Headed into the backcountry with a very late start, around noon, and a distinct willingness to turn around if needed. May have crossed paths with Harrington as he left the field, chatting with a Cocaine-couloir party that described variable conditions.
The skin into the basin was firm, grippy, and fast. Encountered the debris from one fairly-fresh (probably yesterday, 2/12) loose-wet slide on the forested-ascent ridge to Red and almost turned around. Ski crampons were nice in the shade, but not essential.
The ascent of Red's SW slopes saw skinning give way to booting as the slope pitched up. Boot-penetration of 5-10 cm most of the way up the face on sun-softened snow over a quite-firm base. We had boot-crampons as well, but opted not to transition to them. Doing so may have been preferable. Ax/whippet strongly advised.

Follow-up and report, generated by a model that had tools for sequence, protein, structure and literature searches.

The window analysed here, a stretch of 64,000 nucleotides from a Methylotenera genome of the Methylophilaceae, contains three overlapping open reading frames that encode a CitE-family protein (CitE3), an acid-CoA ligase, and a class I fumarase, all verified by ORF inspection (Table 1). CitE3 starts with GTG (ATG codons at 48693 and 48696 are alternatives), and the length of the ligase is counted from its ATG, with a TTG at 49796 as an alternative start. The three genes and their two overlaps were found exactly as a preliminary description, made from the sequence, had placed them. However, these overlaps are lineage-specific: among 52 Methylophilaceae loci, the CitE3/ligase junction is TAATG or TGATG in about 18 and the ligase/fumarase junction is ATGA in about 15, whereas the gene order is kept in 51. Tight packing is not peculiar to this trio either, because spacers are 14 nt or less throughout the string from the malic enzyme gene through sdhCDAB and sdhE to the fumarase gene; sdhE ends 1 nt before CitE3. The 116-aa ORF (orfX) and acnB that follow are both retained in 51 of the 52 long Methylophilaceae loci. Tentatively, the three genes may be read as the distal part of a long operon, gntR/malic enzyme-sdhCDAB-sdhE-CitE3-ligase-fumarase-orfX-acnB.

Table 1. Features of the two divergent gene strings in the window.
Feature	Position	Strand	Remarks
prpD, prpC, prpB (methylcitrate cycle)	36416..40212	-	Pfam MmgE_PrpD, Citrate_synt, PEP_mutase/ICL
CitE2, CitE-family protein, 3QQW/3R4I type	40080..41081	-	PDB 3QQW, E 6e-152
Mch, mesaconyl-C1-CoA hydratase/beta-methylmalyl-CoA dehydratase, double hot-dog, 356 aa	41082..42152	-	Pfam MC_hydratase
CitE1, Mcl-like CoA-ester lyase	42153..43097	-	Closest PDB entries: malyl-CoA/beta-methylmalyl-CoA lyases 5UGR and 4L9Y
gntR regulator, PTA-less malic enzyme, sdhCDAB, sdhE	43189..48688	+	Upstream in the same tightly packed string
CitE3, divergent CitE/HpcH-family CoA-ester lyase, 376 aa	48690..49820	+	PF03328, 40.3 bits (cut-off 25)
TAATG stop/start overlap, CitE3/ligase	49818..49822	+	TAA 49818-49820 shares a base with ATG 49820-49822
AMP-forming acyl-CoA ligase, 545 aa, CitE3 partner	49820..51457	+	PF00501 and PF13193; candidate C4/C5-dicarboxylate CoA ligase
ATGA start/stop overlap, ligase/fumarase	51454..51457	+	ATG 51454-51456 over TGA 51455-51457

Skiing around 2:30-3 wasn't as sublime as expected; slightly sticky yet firm. Neither we nor the party of 5-6 ahead of us got any meaningful snow moving, but the snow was always easily-edgeable. 70mm-waist skis were just wide-enough to handle the softening.
The snow was firm-enough that we were willing to ski the direct exit gully, which, while full of older debris, skied passably. Watch for incipient creek-holes in the gut.
Exiting through the Basin, the sparkles of fine-grain surface facets, visible on the way in, had disappeared with the day's warmth. The luge-track is as deserving of the name as ever; firm and swoopy. Mind the blind corners.
Bonus observation: Rando-race packs make the ski-to-boot transition *way* faster and safer than ski-carry mechanisms that require removing one's pack.